In yesterday’s New York Times, the “Modern Love” column in the Sunday Styles section featured a poignant essay about selecting a headstone and what gets written on it. In “When I Was Left to Speak for Both of Us,” author Paula Ganzi Licata detailed her shopping excursion to select a headstone for both she and her husband, who had died quickly and unexpectedly of kidney failure at the age of 50.
Her column makes a good case for planning ahead, even if you are in good health and death seems a far-off possibility.
She wrote, “Robert and I hadn’t seriously discussed plans for our deaths, such as where he might want to be buried. But I’m Catholic, and we both have relatives at St. Charles (a cemetery operated by the Roman Catholic Diocese of Brooklyn), so it seemed the obvious choice. At a time of such extreme upheaval and sudden decision making, obvious choices are very appealing. I bought a plot for two, along with a single headstone for us both.”
She then had additional decisions to make: granite color, whether to etch, sandblast, or hand-carve the stone, which lettering style, what to write for the term of endearment and an epitaph. Diane, the woman with Holy Family Monuments who was working with the author, instructed her on the language of the dead.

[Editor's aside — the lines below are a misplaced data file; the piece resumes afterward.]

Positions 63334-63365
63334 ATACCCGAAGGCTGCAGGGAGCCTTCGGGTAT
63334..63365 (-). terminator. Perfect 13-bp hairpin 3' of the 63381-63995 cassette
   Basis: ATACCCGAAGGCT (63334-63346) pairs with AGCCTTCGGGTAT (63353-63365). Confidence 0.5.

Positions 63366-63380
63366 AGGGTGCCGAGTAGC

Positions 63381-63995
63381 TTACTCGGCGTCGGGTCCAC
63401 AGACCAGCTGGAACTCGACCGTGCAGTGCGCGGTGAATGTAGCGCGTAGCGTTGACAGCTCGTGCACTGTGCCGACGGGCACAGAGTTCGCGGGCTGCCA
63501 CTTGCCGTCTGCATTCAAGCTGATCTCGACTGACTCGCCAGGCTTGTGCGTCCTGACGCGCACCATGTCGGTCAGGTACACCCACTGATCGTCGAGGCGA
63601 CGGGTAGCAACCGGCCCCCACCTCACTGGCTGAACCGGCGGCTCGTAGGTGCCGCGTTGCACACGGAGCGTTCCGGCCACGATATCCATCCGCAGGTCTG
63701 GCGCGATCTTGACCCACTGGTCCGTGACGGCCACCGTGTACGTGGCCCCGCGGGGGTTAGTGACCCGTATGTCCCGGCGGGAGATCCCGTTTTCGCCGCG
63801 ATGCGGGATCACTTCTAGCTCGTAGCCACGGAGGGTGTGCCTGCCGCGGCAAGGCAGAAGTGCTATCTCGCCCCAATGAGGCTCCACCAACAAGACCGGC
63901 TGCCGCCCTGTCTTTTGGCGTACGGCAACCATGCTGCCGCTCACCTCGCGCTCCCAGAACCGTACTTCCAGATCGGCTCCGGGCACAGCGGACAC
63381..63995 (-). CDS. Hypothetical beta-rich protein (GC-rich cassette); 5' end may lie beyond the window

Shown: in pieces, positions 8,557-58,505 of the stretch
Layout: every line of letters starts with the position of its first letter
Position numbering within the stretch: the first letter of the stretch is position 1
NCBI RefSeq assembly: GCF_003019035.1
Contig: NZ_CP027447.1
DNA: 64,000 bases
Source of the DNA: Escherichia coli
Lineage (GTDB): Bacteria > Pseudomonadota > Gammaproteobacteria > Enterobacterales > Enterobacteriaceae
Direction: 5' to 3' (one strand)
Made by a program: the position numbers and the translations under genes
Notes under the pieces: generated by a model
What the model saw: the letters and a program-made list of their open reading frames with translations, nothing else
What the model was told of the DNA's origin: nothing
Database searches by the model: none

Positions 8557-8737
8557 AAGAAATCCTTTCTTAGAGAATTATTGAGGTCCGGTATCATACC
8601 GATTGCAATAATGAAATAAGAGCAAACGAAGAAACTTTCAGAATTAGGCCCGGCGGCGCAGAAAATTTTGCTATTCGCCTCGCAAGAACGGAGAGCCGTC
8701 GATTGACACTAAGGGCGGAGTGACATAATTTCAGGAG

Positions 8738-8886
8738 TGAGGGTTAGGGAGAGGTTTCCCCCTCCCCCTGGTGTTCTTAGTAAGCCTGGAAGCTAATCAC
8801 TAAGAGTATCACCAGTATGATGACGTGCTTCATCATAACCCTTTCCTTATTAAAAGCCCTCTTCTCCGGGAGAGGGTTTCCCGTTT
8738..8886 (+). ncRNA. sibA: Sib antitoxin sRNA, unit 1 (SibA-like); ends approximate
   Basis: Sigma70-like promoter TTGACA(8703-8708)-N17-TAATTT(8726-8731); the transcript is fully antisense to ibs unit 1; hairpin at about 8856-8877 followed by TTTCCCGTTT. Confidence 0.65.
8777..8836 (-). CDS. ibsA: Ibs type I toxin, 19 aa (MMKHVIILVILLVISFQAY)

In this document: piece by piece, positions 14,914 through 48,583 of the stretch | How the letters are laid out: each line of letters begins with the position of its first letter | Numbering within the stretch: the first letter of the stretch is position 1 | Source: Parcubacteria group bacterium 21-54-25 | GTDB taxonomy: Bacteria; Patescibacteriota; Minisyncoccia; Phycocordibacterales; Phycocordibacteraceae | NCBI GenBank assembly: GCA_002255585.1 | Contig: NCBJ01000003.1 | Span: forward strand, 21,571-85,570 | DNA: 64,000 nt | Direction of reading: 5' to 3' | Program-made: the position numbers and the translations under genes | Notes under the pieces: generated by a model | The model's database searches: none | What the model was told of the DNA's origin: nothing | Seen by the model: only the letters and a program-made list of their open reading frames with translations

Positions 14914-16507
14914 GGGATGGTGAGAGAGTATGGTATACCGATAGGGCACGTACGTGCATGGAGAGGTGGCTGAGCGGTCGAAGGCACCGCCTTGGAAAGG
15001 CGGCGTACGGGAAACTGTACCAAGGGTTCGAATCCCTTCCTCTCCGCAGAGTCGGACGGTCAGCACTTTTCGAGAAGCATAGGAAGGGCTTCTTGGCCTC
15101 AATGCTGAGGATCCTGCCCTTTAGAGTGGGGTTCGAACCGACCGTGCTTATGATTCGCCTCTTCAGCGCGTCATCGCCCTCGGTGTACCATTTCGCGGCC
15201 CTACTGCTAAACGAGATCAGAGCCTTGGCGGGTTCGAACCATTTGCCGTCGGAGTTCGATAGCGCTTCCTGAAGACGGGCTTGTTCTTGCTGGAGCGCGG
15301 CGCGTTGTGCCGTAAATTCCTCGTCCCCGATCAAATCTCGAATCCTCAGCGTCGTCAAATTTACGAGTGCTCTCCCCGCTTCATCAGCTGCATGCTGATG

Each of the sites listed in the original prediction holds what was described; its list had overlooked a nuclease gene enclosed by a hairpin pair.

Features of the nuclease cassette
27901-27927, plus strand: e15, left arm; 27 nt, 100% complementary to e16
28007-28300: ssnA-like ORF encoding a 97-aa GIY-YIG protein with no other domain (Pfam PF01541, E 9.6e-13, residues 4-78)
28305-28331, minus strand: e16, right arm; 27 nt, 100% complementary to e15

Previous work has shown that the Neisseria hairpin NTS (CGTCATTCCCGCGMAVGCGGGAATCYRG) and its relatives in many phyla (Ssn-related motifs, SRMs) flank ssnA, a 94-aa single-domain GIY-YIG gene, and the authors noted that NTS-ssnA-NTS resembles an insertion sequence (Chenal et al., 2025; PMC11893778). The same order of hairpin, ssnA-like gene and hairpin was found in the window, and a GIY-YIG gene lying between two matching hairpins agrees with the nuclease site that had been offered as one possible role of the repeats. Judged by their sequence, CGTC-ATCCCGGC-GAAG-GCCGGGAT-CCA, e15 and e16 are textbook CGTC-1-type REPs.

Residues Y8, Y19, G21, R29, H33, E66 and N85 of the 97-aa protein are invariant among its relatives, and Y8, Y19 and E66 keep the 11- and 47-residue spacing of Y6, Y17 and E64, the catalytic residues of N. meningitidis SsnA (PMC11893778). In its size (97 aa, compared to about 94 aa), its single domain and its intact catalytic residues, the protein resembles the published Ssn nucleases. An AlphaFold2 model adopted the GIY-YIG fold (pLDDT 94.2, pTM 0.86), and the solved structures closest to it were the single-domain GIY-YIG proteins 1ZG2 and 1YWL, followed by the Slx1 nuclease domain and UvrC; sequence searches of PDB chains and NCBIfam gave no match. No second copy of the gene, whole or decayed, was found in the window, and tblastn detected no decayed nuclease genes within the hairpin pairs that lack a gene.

From the essay: “Words have nuances on a headstone. “‘Beloved’ implies the spouse was very loved,” Diane explained. “‘Devoted’? Not so much.”
The author also wrestled with an epitaph that would reflect the personality of her husband, who loved movies, TV, aviation, and collecting Hollywood kitsch and Atomic Age antiques, and still be acceptable to the administration of the cemetery. She wanted “Somewhere Over the Rainbow,” but that was too long. Her sister suggested just “Over The Rainbow.” The cemetery rejected it, because it wasn’t a line from the Bible, although they had no problem with a Jiminy Cricket image on the headstone.
She finished, “In the end, I was able to negotiate ‘Over the Rainbow and Into God’s Hands,’ which isn’t a line in the Bible, either. But I was satisfied that I had done my best romancing the stone.”
Click here to read the full essay. And think about where you want to be and what you want on your tombstone.